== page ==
The Biggest Challenge: How to Hire & Keep Good People

By: Brandon Grover (CEO & Founder of Sage Pest Control and Founder of Briostack

Everywhere I go in the pest control industry, people are talking about the tight labor market and how it’s become their biggest challenge. The “Great Resignation” was one of the top stories from 2021 as a record number of workers quit their jobs. According to the Bureau of Labor and Statistics, an average of 3.95 million people voluntarily quit their jobs every month in 2021. That number represented 3% of the work force quitting every month, meaning about one-third of the entire work force voluntarily quit in 2021.

Even more alarming, the Bureau of Labor and Statistics reported that the monthly quit rate for the service industries was 6.4% per month, meaning about two-thirds of the entire services work force voluntarily quit in 2021. Unfortunately, the pest control industry has always had historically high turnover, especially when it comes to technicians. Most pest control companies retain only about 40% of their technicians each year.

While COVID certainly had an impact on the “Great Resignation,” Bill Conerly, an economist who writes for Forbes, recently wrote about how the tight labor market has more to do with supply and demand. According to Census Bureau figures, the pool of incoming, new workers available is now growing at the slowest rate since the Civil War. Boomers are retiring and millennials are mostly of working age, and their generation was followed by a record number of low births. The underlying challenge is lots of people are aging out of the workforce with very few coming into the workforce.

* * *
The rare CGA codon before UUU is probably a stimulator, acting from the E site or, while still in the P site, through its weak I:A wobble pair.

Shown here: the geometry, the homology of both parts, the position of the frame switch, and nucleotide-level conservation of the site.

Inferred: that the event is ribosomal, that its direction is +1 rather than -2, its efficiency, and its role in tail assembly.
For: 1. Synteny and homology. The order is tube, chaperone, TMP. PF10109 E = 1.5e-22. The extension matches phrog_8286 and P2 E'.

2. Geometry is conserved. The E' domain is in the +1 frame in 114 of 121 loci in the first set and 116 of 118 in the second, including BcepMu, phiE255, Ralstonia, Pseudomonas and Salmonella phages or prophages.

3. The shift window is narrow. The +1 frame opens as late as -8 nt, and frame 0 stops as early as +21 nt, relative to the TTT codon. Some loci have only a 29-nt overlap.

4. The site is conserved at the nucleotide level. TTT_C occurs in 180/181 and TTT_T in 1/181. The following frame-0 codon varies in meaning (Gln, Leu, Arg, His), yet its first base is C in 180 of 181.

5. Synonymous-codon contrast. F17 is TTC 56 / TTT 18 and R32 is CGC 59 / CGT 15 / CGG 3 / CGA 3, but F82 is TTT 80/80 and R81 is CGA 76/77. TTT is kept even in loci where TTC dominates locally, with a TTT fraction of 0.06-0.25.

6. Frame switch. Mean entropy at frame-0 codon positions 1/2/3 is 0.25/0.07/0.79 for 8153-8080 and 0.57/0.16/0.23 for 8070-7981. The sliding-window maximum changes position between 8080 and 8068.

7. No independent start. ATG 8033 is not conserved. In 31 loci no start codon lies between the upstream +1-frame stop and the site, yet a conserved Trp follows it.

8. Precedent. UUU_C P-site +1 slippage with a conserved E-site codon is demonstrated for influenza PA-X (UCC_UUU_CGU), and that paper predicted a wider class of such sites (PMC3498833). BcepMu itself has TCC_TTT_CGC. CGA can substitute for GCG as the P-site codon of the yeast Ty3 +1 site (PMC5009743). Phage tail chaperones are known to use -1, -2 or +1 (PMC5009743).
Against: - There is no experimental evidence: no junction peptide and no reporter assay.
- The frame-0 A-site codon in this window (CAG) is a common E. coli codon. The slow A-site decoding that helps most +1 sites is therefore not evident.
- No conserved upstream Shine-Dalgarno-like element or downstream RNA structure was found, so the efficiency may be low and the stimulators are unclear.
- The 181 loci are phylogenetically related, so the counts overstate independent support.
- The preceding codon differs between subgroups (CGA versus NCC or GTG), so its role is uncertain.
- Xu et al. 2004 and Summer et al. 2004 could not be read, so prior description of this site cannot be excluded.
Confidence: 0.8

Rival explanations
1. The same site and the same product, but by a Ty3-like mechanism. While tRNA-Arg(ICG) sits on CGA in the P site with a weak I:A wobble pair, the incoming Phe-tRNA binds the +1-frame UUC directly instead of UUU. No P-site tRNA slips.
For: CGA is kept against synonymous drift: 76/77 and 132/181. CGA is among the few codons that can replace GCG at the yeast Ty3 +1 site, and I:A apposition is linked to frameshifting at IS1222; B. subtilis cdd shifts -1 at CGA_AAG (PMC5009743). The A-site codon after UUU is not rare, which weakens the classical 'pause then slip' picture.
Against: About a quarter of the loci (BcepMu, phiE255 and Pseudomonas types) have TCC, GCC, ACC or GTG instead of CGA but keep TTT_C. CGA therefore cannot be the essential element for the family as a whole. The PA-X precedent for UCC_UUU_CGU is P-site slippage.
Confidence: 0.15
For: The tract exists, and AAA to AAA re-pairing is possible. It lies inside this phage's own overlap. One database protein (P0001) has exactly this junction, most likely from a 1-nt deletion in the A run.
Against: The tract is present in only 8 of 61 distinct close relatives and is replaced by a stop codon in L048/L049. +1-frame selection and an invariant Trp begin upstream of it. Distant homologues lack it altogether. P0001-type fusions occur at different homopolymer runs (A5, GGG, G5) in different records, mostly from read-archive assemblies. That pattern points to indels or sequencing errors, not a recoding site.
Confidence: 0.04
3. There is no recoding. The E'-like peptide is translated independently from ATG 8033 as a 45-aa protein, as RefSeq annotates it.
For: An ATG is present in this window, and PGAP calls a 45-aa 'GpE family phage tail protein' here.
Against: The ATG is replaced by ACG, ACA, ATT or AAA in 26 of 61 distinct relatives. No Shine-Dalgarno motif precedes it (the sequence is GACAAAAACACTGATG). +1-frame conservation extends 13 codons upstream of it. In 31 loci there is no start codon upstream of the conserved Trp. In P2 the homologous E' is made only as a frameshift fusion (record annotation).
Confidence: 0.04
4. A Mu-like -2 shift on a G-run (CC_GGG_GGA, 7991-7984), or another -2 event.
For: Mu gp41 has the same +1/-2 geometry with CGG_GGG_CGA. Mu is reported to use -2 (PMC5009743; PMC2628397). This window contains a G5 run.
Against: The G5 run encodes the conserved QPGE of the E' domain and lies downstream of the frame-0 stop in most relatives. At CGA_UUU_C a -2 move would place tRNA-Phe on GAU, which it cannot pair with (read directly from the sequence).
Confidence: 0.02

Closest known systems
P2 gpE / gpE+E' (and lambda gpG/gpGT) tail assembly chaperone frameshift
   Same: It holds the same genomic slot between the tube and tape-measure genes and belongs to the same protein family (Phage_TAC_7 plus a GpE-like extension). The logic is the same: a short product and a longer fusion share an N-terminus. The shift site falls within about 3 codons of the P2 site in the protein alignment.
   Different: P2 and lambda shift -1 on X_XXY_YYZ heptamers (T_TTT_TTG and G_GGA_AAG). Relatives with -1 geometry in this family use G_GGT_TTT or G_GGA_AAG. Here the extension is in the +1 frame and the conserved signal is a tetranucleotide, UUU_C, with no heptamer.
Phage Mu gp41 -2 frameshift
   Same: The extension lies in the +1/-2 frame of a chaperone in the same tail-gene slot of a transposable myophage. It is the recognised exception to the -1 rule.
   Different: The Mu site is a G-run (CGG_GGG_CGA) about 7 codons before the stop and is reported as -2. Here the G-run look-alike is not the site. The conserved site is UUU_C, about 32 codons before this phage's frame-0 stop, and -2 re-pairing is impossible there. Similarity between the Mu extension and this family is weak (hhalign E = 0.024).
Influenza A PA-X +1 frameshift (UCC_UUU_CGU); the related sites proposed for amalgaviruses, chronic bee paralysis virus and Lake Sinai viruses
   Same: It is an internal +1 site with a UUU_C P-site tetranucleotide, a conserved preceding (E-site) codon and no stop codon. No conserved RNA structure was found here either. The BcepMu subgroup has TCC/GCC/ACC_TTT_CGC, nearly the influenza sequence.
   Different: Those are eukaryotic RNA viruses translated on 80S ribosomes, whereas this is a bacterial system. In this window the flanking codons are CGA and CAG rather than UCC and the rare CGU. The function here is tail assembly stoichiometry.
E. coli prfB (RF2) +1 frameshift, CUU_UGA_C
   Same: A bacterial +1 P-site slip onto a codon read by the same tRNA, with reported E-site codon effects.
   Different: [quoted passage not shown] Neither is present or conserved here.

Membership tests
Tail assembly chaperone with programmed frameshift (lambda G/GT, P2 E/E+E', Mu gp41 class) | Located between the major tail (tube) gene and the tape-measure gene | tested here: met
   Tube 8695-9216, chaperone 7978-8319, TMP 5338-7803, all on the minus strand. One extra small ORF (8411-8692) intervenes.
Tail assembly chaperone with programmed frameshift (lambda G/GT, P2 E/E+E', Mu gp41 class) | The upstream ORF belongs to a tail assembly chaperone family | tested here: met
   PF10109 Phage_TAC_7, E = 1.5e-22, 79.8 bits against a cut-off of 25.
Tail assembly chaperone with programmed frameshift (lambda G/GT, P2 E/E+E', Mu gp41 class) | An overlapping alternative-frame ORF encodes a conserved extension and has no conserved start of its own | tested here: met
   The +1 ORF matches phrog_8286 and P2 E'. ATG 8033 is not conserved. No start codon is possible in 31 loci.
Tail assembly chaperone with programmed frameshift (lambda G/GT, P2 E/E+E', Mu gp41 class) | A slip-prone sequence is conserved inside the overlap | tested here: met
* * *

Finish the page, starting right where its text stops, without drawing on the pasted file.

In other words, today’s tight labor market is not a blip on the radar. If you’ve been thinking this storm will pass, you’re setting yourself and your company up for failure. These trends underscore the critical importance of making sure your company is very good at recruiting, hiring, and retaining good people.

So how do you get ahead of these challenges? Here are 10 helpful steps:

  1. Plan and Document the Employee Journey. When you fail to plan, you are by default planning to fail. It makes a huge difference when you’re intentional about the entire journey of your employees, not just portions of it. Many people use the terminology of cradle to grave, meaning the first to last interaction needs to be carefully considered and planned for. This “Employee Journey” should become a living document that you refine over time. Block off at least an hour every week to work on this process until it’s polished and something you’re proud of, and then keep working on it. You’ll be glad you did.